By the end of October 2016, only three men – Roger Federer, Rafael Nadal, Novak Djokovic – had been ranked No.1 in the world for a staggering 12-year-period. This trio’s dominance went all the way back to February 2004. Consider that in the dozen prior to then, 14 men had held that spot.

But the tennis ball takes its bounces. A knee injury suffered at Wimbledon ended Federer’s 2016 season that July. Nadal withdrew early from Roland Garros, skipped Wimbledon and played only four matches after the US Open. Djokovic, who’d at last won the title at Roland-Garros to earn a career sweep of all four majors, suffered a slight letdown, losing in the third round of Wimbledon and winning but one title after June.

Meanwhile, Andy Murray sustained wire-to-wire momentum. Ranked No.2 at the start of the year, Murray commenced 2016 with a runner-up effort at the Australian Open. In the spring, he played the best clay-court tennis of his career, beating Nadal in the semis of Madrid, Djokovic in the finals of Rome, and going all the way to the singles final at Roland Garros. From there, Murray made a seamless transition into the grass season, taking the title at Queens Club and, for the second time, raising the champion’s trophy at Wimbledon. Next, it was off to the Rio Olympics, where Murray became the only man to win the gold medal in singles twice.

Still, by October, Murray remained in the number two spot.


And then came one of the most remarkable runs in recent tennis history. In Asia, Murray won ten straight matches, taking titles in Beijing and Shanghai. A fast week to recover and then Murray came to Vienna – and won another tournament.

On October 31, 2016, as play began at the BNP Paribas Masters 1000 event held in Paris, Murray knew he could start the next week ranked number one in the world if he reached the finals.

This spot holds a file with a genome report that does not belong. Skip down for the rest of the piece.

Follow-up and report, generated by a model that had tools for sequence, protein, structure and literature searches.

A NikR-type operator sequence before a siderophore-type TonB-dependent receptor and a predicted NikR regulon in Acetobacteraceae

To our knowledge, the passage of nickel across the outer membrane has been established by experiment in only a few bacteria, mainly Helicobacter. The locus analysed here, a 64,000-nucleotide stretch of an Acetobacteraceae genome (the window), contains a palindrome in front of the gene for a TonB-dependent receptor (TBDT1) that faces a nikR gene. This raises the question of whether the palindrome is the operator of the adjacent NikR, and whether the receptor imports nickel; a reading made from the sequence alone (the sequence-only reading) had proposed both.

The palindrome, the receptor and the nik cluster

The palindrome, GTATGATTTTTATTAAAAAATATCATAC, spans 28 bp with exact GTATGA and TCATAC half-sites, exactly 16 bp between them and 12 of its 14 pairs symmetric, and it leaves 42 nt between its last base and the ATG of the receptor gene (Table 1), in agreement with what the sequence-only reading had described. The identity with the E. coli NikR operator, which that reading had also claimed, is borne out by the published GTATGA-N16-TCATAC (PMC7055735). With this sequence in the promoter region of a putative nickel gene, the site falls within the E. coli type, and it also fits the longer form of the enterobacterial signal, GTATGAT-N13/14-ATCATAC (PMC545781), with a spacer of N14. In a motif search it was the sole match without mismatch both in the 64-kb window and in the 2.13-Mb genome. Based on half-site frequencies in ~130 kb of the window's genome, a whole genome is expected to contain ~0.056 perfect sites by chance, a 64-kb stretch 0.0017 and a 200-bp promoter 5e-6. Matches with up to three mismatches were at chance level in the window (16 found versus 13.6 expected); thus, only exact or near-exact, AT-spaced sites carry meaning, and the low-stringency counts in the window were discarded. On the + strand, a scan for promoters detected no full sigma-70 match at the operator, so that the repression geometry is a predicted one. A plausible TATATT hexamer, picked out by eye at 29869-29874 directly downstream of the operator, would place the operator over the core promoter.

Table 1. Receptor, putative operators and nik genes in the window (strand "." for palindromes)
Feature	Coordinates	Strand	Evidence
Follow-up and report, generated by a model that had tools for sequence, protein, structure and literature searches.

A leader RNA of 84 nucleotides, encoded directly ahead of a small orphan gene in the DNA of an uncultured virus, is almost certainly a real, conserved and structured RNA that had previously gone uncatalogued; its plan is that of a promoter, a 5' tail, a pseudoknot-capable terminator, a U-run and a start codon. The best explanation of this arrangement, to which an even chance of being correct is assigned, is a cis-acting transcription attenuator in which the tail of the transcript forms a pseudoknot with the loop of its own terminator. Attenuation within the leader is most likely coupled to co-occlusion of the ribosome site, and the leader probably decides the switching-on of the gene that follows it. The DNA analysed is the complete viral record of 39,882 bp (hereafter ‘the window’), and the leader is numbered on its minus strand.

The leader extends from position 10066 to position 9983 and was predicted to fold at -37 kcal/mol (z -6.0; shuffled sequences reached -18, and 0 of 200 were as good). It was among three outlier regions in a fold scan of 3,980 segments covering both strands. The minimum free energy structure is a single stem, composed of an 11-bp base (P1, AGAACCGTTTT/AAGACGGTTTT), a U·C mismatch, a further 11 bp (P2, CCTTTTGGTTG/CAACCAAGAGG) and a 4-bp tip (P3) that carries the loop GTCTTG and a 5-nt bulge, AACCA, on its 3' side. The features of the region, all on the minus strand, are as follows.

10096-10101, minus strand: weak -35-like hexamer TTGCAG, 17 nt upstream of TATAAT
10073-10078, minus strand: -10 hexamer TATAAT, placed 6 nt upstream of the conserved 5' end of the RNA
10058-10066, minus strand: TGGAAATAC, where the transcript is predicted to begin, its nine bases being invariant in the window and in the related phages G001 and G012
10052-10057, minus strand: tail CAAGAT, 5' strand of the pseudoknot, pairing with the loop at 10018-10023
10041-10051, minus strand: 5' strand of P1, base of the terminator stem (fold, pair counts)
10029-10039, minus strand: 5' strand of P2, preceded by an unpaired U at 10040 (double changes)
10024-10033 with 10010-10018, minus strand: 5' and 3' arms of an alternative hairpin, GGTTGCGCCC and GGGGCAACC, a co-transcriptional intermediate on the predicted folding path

Several factors made Murray’s opening match exceptionally challenging. Arguably, fatigue and pressure entered the picture. But certainly, there was a dangerous opponent, Fernando Verdasco, the slashing lefthander who on a given day could beat anyone in the world. Though Murray led this rivalry 11-1 prior to Paris, Verdasco’s one victory had come at a major (the ’09 Australian Open). And at Wimbledon in 2013, the Spaniard had won the first two sets before losing, 7-5 in the fifth. In Paris, over the course of nearly two-and-a-half hours, Murray squeaked past Verdasco, 6-3, 6-7 (5), 7-5.

The next three rounds were easier. Murray beat Lucas Pouille and Tomas Berdych in straight sets. Alas, for all the work he’d done to come close to the top, Murray’s arrival there was made easy when Milos Raonic withdrew from their semifinal match.

Murray had broken Djokovic’s 122-week hold on the No.1 ranking. “To get to No. 1 isn’t about today, but it’s about 12 months of tournaments to get to this stage,” said Murray in an story. “The last few months have been the best of my career and I am very proud to have reached No. 1. It has been a goal of mine for the past few years.”

He went on to win Paris, defeating John Isner in the finals, 6-3, 6-7 (4), 6-4.

Later in the month, Murray squared off with Djokovic in the finals of the ATP World Tour Finals. The stakes were high: For the first time in history, whoever won this match would earn the year-end number one ranking.

Murray won that match, 6-3, 6-4. It was the first time a British man had finished the year ranked number one in the world since Fred Perry had done that way back in 1936.